Safrin, Isaac Judah Jehiel
Safrin, Isaac Judah Jehiel
SAFRIN, ISAAC JUDAH JEHIEL
SAFRIN, ISAAC JUDAH JEHIEL (1806–1874), ḥasidic leader. Safrin was the son of Alexander Sender (d. 1818), author of Zikhron Devarim (1871), who served as rabbi in Zhidachov, Zhuravno, and Komarno, and founded the Komarno branch of the *Zhidachov dynasty. Isaac Safrin made his living at various times as a stonecutter and bookkeeper, renting a tavern in a village and collecting tolls. His teachers in Ḥasidism were his father, his uncle Moses of Sambor, his father-in-law Abraham Mordecai of Pinczow, and Isaac Eizik of Zhidachov.
Safrin left a diary, Megillat Setarim (1944), a book of visions (ḥezyonot) similar to Ḥayyim *Vital's Sefer ha-Ḥezyonot (1954). It relates dreams, revelations, and his search for "the root" of individual souls. In it Safrin hints that he is the *Messiah the son of Joseph, using the numerical value of the date of his birth תקס״ו (1806) in a Hebrew letter equation of משיח בן יוסף Meshi'aḥ Ben Yosef ("Messiah son of Joseph"), though he considered that his soul was the reincarnation of Simeon bar *Yoḥai, Isaac *Luria, and Israel b. Eliezer Ba'al Shem *Tov. Central to his thought was the necessity to bring about the restoration of the world order (tikkun olam), considering himself as one who would bring about the imminent End of Days and the Redemption. Thus his attitude toward Shabbateanism combined both attraction and antagonism. Safrin relates in his diary that "from the age of two until I became five years old, I had marvelous visions. A holy spirit filled me and I spoke words of prophecy… and I indeed saw from one end of the world to the other" (Megillat Setarim). He tells about his poverty and asceticism; he ate little and slept only two hours daily. He maintained the idea of constant devekut ("devotion to God") which is integrated into the pattern of man's life even in acts performed merely for his survival. According to Safrin, devekut is a state of constant dialectic tension between the ego (Ani) and the divine mystic nothingness (Ayin). While aiming at self-denial and lack of consciousness, at the same time one remains conscious of one's own identity and self. "Every man must be in the aspect of Ayin… and there [in the aspect of Ayin] at every moment the aspects of Ayin and Ani become one" (Noẓer Ḥesed, 2 (1856)).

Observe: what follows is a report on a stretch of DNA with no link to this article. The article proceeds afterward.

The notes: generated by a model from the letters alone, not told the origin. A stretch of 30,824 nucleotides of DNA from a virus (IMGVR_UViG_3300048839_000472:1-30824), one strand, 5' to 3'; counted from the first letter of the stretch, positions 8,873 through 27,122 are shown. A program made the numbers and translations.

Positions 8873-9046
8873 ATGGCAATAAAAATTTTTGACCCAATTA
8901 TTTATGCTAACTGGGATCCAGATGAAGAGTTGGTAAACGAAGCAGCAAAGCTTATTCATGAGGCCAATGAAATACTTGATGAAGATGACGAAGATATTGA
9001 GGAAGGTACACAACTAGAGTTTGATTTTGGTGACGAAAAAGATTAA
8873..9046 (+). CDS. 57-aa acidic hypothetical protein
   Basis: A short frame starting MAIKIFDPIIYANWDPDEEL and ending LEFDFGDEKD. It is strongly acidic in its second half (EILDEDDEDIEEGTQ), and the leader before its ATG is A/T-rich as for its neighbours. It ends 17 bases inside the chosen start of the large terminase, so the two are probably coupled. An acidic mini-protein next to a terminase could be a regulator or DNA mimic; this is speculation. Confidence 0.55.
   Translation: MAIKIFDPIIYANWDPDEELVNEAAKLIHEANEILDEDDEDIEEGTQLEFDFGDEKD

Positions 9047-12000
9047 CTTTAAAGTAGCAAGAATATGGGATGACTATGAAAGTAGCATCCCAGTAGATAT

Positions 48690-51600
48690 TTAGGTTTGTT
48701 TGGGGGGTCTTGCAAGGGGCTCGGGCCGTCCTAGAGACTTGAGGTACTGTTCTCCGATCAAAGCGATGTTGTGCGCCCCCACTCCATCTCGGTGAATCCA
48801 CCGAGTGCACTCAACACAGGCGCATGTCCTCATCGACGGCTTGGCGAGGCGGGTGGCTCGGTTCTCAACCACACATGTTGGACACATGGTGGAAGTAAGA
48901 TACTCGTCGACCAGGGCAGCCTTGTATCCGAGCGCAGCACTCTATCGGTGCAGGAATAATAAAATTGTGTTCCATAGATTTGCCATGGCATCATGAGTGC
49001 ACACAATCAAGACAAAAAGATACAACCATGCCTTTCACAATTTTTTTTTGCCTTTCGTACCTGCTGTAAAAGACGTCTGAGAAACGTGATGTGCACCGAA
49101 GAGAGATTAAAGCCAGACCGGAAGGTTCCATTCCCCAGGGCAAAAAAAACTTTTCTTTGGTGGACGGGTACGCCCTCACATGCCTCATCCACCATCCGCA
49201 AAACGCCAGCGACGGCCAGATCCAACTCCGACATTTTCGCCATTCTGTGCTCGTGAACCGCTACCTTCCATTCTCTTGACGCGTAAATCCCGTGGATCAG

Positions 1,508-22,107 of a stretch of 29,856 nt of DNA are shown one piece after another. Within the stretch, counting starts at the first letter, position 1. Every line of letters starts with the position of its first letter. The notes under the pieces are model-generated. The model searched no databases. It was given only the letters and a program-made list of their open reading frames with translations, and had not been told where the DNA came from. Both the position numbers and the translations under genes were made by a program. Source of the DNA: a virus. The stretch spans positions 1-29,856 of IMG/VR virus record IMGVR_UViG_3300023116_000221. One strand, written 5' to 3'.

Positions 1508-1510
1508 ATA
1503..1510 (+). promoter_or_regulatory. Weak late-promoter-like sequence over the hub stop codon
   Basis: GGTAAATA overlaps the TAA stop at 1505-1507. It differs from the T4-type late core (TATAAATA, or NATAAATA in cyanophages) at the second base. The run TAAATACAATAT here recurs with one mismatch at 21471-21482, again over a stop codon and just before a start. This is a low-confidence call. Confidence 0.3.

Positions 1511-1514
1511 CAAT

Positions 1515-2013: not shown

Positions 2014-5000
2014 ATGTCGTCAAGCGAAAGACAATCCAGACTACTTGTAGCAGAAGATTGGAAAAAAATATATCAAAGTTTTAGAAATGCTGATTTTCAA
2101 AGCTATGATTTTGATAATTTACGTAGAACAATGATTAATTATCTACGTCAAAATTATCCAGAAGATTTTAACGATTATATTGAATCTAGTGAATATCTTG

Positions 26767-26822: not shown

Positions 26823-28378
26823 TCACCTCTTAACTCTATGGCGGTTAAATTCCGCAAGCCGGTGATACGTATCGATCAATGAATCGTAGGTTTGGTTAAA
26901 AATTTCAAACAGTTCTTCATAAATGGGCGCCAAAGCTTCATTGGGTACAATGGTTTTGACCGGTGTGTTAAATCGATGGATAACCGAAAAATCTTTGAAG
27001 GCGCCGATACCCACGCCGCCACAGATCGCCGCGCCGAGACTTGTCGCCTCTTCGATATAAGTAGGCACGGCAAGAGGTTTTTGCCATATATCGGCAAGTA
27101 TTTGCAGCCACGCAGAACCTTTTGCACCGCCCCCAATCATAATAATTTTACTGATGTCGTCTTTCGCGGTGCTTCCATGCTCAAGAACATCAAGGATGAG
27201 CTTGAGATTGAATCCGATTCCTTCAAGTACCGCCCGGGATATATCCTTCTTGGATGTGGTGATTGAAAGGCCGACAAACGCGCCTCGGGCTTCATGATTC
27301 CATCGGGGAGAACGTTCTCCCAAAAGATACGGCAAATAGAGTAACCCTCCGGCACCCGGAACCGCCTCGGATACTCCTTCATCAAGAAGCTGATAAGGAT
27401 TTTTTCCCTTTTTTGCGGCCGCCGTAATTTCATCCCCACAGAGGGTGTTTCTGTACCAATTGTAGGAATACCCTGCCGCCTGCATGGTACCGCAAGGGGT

Safrin reaches radical conclusions in his doctrine of the sublimation of impure or foreign thoughts (maḥashavot zarot). The attempt to banish such thoughts entirely from the consciousness he considers heresy, being the denial of the presence of God at every level of existence. Man is obliged to elevate impure thoughts and abolish the evil that is in them by confronting them without utter rejection, despite the possible moral danger resulting from this involvement with the sitra aḥra ("other side"; "evil"; see *Kabbalah). To dismiss impure thoughts means putting out the divine spark (niẓoẓ) present in evil. According to this theory, many of the disciples of Dov Baer the Maggid of *Mezhirich and other ḥasidic leaders were heretics.
Safrin's works include Oẓar Ḥayyim (1858), a kabbalist commentary on the 613 precepts; Zohar Ḥai, on the *Zohar (pt. 1, 1875; pt. 3, 1881); Noẓer Ḥesed (1856), on Avot, including Sefer Adam Yashar, remedies against the plague, according to Lurianic Kabbalah; and Shulḥan ha-Tahor (ed. A.A. Zis, 1963–65) on Oraḥ Ḥayyim of the Shulḥan Arukh.
B. Yashar (Shlikhter), in: Sinai, 53 (1963), 167–73, 346–9; idem, Beit Komarna (1965); A.A. Zis (ed.), "Shoshelet ha-Kodesh – Toledot Zidachov Komarna," in: Shulḥan ha-Tahor, 2 (1965); idem, in: Sinai, 59 (1966), 283–6; H.J. Berl, Yiẓḥak Eizik mi-Komarna (1943); L.H. Grosman, Shem u-She'erit (1943), 28–30; N. Ben-Menahem, in: Sinai, 54 (1964), 264–76.
[Esther (Zweig) Liebes]